Of all the projects Robert Wyatt created apart from his tenure with Soft Machine and Matching Mole, The End of an Ear has to be the strangest, and among the most beautiful and misunderstood recordings of his career. Recorded near the end of his membership in Soft Machine, End of an Ear finds Wyatt experimenting far more with jazz and avant-garde material than in the jazz-rock-structured environment of his band. The Wyatt on The End of an Ear (a play on words for the end of the SM era, and another session called "Ear of the Beholder") is still very much the fiery drummer and percussionist who is interested in electronic effects and out jazz and not the composer and interpretive singer of his post-accident years. Influenced by Miles Davis' electric bands and the fledgling Weather Report who did their first gigs in the U.K., Wyatt opens and closes the album with two readings of Gil Evans' "Las Vegas Tango, Pt. 1." These are the most structured pieces on the recording, and the only ones not dedicated in some way: "To Mark Everywhere," "To Caravan and Brother Jim," "To Nick Everyone," "To the Old World (Thank You for the Use of Your Body, Goodbye)," "To Carla, Marsha, and Caroline (For Making Everything Beautifuller)," and others. The titles reveal how personal the nature of these sound experiments can be. Wyatt, because of his association with many in the Canterbury scene, not the least of which is SM mate Elton Dean who prominently appears here, was learning alternate structures and syntax for harmony, as well as the myriad ways rhythm could play counterpoint to them in their own language. The interplay between Wyatt, bassist Neville Whitehead, cornet player Marc Charig, and alto man Dean on "To Nick Everyone" is astonishing. Wyatt creates time from the horn lines and then alters it according to Whitehead's counterpoint both to the formal line and the improvisations. Toward the end of the track, Wyatt's piano is dubbed in and he reveals just how expansive he views this new harmonic approach. The piano becomes a percussion instrument purely, a timekeeper in accordance with the bass, and the drums become counterpoint -- in quadruple time -- to everyone else in the band. When David Sinclair's organ enters the fray and another piano courtesy of Mark Ellidge, as well as assorted percussion by Cyril Ayers, the entire thing becomes a strange kind of rondo in free jazz syntax. Elsewhere, on "To Caravan and Brother Jim," a 2/4 time signature opens the track and the organ plays almost a lounge-jazz-type line with drums rumbling in the back of the mix, almost an afterthought, and Ellidge's piano stumbling in with dissonant trills and riffs until he creates a microtonal line against the organ's now carnival chords until certain drums fall out, then back in, and the piano plays an augmented chord solidly in glissandi until the piece just sort of falls apart and ends. If you are Robert Wyatt, this is the way you find something new, you "play" at it. And that's what is so beautiful about The End of an Ear -- the entire record, unlike the "seriousness" of Soft Machine Third, is that this is being played with tonalities, harmony, language, and utterance that are all up for grabs in an investigation of freedom both in "music" and "sound." The End of an Ear is the warm and humorous melding of free jazz amplification and musicians' playtime. © Thom Jurek /TiVo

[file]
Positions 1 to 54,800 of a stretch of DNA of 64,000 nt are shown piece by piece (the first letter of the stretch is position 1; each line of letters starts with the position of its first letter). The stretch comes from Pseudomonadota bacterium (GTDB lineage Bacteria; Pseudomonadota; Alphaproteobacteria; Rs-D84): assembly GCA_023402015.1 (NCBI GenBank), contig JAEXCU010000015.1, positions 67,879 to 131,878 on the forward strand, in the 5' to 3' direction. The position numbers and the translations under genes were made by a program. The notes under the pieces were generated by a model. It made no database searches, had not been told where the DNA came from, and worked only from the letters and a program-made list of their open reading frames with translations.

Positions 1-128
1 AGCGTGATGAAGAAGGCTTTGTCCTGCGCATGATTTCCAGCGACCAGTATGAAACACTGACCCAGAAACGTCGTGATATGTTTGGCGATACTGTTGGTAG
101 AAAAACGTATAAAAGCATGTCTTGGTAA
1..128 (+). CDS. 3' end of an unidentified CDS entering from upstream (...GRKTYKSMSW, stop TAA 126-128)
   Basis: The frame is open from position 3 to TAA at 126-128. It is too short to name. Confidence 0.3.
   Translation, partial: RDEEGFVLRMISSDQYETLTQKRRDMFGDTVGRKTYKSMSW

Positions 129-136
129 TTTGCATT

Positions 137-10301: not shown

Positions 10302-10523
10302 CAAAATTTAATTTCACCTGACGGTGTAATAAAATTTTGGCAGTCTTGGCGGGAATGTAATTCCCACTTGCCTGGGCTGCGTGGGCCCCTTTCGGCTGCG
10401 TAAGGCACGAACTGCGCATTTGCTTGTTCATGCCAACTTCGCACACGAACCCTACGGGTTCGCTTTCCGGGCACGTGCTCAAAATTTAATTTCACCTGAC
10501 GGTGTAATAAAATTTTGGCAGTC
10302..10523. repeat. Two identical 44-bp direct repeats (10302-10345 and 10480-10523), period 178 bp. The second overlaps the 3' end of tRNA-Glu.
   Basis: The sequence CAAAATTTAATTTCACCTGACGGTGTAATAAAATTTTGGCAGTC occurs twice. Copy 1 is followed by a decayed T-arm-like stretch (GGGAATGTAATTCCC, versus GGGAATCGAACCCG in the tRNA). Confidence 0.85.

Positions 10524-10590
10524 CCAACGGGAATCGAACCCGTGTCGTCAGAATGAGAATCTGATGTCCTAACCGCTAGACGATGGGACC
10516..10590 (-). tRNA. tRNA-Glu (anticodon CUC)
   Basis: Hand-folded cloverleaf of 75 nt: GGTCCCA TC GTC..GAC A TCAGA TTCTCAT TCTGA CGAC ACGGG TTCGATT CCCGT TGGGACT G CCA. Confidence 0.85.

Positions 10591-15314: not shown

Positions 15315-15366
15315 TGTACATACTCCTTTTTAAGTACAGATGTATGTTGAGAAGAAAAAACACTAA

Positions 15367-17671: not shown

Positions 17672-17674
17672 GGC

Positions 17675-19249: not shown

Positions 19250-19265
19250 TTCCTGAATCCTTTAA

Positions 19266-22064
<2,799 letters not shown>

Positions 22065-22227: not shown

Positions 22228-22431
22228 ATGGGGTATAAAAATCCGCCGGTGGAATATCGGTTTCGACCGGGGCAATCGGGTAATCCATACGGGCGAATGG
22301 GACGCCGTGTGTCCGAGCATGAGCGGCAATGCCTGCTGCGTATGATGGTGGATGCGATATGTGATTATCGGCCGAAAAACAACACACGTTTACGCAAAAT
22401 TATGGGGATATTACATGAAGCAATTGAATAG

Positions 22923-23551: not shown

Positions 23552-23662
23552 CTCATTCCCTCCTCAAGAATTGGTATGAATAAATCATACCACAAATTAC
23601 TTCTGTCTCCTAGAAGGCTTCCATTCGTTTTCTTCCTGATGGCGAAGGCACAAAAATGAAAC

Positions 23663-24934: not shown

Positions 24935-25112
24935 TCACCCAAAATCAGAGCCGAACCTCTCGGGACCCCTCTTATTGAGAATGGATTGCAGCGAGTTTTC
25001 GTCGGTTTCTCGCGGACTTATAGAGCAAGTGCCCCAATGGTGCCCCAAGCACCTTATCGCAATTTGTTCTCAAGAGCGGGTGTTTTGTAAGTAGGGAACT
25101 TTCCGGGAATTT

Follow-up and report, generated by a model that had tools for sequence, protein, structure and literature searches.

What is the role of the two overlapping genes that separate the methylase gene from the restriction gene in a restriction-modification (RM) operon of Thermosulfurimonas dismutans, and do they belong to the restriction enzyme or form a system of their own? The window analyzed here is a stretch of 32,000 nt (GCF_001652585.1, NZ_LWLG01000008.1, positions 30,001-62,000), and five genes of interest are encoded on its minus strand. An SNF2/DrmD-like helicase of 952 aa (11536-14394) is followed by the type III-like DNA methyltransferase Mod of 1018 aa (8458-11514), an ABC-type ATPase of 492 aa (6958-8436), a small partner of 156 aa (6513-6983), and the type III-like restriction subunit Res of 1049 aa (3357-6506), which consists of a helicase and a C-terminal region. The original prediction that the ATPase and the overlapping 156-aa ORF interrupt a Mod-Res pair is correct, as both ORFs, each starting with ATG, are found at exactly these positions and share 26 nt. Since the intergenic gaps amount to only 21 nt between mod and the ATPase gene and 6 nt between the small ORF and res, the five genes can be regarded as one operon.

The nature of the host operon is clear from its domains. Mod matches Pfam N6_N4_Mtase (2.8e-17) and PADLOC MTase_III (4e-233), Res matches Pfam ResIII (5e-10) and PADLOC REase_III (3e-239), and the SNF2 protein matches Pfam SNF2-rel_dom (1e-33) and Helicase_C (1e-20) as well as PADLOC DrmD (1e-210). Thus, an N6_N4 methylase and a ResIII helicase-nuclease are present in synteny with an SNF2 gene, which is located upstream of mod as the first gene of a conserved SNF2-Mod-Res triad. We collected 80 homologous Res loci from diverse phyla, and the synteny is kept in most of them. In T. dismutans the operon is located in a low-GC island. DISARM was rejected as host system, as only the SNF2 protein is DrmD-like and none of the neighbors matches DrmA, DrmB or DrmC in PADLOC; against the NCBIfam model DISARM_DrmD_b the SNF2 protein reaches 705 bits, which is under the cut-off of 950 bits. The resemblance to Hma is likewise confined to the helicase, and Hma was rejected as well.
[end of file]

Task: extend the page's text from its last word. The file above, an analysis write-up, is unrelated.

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Jazz - Released January 24, 2005 | Tiptoe

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Rock - Released January 1, 2003 | Cuneiform Records

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Rock - Released January 1, 2013 | Cuneiform Records

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Alternative & Indie - Released October 20, 2008 | Domino Recording Co